Fast forward to the Jean-Georges restaurant at the W Doha, where @SpecialKRB — still in her TEDx NY t-shirt — James, and I are huddled around a small table groaning with crab, lobster, steak, burgers, and one or two other things I have completely forgotten about. I cannot taste a thing. My stomach feels like it’s trying to ‘asplode me from the inside, like the bad swarthy man in an episode of “24”. Is this what middle age has brought me: panic attacks on airplanes and a digestive system in revolt when I eat after 6pm Thai time? And what indeed am I to do here if this affliction does not go away?

The answer may be to eat something you don’t like all that much. We find this out the next day, after getting kicked out of a TEDx event on the waterfront at the Katara Cultural Village. We wander into Mamig (Armenian for “grandma”), which serves, of course, Armenian specialties and the Lebanese dishes that every Middle Eastern restaurant has to provide if they want to please any customer ever.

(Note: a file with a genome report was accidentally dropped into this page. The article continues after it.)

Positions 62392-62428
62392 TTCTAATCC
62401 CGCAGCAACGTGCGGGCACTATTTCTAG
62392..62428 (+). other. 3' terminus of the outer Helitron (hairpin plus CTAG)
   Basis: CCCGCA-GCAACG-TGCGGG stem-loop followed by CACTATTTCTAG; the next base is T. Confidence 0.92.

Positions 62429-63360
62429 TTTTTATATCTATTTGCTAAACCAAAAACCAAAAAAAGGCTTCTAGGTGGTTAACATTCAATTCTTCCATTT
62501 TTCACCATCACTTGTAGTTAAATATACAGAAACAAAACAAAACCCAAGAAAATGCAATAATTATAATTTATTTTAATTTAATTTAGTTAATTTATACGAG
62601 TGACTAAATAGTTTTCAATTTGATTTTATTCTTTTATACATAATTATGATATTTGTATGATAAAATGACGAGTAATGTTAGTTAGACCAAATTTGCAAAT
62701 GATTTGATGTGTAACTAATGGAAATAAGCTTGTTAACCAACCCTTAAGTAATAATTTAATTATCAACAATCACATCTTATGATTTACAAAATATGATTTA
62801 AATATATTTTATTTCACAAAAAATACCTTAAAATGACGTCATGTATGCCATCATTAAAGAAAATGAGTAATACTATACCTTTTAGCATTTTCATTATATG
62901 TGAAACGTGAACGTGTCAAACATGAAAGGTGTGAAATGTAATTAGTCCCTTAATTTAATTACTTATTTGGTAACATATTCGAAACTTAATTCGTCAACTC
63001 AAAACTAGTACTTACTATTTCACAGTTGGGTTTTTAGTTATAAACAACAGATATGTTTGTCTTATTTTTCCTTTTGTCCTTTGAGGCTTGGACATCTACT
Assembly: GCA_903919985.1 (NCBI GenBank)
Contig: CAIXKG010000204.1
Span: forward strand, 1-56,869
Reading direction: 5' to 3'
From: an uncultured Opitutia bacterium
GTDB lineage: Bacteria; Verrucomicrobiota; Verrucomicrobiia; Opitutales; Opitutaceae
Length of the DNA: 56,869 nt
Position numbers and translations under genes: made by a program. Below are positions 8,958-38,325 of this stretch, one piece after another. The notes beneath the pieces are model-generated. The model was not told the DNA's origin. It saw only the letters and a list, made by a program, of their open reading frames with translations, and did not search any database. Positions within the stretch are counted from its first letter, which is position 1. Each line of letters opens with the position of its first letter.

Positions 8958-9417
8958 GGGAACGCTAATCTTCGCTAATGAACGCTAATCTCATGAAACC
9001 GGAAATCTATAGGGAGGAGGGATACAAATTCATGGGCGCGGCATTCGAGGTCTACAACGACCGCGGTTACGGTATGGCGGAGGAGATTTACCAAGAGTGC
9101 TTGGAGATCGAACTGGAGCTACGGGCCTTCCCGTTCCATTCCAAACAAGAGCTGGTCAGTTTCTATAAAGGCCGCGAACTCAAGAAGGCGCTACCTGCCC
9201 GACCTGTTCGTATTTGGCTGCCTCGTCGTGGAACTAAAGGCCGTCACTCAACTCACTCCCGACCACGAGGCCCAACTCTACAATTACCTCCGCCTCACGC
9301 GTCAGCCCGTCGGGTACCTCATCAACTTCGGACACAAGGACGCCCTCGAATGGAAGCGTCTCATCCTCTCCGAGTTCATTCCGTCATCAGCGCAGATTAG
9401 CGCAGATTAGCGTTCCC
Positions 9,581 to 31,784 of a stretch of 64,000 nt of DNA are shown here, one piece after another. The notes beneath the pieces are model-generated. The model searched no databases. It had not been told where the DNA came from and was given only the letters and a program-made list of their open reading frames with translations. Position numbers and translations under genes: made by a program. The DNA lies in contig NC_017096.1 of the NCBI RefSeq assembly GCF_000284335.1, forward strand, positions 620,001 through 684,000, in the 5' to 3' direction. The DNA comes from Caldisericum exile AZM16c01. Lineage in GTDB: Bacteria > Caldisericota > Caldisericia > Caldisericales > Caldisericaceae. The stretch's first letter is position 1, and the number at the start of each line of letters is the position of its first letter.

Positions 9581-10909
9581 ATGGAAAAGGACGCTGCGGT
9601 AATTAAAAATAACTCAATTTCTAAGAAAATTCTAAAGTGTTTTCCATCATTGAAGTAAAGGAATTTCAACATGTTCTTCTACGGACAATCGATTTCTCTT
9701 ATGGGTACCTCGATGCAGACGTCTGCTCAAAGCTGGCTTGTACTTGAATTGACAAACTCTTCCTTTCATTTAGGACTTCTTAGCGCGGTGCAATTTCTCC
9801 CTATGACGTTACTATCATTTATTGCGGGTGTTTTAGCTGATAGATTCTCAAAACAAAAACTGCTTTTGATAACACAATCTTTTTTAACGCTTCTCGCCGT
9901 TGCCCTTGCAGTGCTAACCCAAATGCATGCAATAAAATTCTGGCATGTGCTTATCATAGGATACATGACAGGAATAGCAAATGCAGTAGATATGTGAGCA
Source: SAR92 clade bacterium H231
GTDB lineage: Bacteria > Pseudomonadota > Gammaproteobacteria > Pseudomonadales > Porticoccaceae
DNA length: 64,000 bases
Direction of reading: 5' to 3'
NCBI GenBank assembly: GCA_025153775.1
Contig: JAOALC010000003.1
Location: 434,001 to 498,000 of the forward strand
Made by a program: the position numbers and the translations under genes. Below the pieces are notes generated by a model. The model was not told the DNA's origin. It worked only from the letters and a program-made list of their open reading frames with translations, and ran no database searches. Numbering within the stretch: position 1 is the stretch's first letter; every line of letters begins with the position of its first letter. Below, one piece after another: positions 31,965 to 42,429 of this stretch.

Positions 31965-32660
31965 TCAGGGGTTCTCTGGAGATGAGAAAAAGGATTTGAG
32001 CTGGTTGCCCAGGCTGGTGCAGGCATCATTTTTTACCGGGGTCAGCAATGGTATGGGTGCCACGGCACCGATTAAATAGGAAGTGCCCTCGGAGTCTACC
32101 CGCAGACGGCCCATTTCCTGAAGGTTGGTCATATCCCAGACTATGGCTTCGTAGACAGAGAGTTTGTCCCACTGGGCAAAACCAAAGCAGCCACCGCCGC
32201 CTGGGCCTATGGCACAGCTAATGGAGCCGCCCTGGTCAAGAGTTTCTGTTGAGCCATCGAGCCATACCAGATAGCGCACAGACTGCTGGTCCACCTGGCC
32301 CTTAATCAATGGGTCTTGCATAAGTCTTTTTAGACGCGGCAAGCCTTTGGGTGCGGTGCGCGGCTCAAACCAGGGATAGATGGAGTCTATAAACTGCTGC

Beef "mortadella" with pickles at Mamig

We focus on Armenian, and the results are … different. Full of nuts, wholesome enough to be tree-hugger fodder, but big on citrus and sweet pomegranate flavors, this food gives you the sense you are eating something that is good for you, but if you have to keep reminding yourself that, something must be wrong. Along with a pistachio-studded beef “mortadella” and an entire bowl of pickled vegetables, we get these tiny little birds, like sparrows, coated in honey and pomegranate juice and lemon and full of little bones that crunch when you bite into them. It’s weird.

“This is like Game of Thrones food,” says James. Coming from a man who falls asleep once the opening credits stop running, this is not a compliment.